Singapore defends death sentence of Indian-origin Malaysian Activists holding placards attend a candlelight vigil against the impending execution of Nagaenthran K. Dharmalingam, sentenced to death for trafficking heroin into Singapore, outside the Singaporean embassy in Kuala Lumpur on November 8, 2021. (Photo by MOHD RASFAN/AFP via Getty Images)
SINGAPORE has defended the execution judgement of a 33-year-old Indian-origin Malaysian drug trafficker.
Nagaenthran K Dharmalingam was sentenced to death in 2010 for importing 42.72 grams of heroin into Singapore in 2009 in a bundle-strapped to his thigh.
Both the prime minister and the foreign minister wrote to their Malaysian counterparts, pointing out that the convict has been accorded due process under the law of the country.
Prime minister Lee Hsien Loong and minister for foreign affairs Dr Vivian Balakrishnan have replied to their Malaysian counterparts over the case of Dharmalingam whose execution has been stayed after he tested positive for Covid-19 on Monday (8).
According to Malaysian news agency Bernama, Malaysian prime minister Ismail Sabri Yaakob had reportedly written to his Singaporean counterpart Lee seeking leniency in the case.
“Prime minister Lee Hsien Loong and minister for foreign affairs Dr Vivian Balakrishnan have replied to their Malaysian counterparts to convey that Nagaenthran A/L K Dharmalingam has been accorded full due process under the law,” an MFA spokesperson said in response to media queries on Friday (12).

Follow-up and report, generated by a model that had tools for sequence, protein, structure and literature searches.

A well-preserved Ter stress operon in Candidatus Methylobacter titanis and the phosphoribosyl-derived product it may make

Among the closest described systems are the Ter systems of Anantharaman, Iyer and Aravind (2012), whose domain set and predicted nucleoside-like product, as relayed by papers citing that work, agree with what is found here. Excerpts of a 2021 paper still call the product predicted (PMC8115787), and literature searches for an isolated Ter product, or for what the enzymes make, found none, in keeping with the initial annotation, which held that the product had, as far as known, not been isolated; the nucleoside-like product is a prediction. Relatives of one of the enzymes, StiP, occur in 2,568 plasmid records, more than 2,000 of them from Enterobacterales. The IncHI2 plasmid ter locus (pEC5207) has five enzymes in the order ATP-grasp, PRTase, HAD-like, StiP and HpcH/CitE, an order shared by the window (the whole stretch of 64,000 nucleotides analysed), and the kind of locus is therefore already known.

Dharmalingam was just 21 when he was arrested. Defence lawyer M Ravi filed a court application on Monday stating that Dharmalingam possesses the mental age of someone below 18.
He argued that judicial mercy should be exercised to grant Dharmalingam a reprieve from the execution of the death sentence, pending further psychiatric examinations and reports on his mental state.
On Thursday (11), Singapore’s ambassador Umej Bhatia told the UN in Geneva that the high court had found Dharmalingam was on borderline intellectual functioning but did not suffer from mild intellectual disability.
Bhatia responded to a joint urgent appeal from four special UN rapporteurs, who on October 29, called on Singapore to definitively halt Dharmalingam’s execution, saying he had psychosocial disabilities.
The case drew international attention with an online petition against his death sentence drawing about 70,000 signatures and coverage by international media.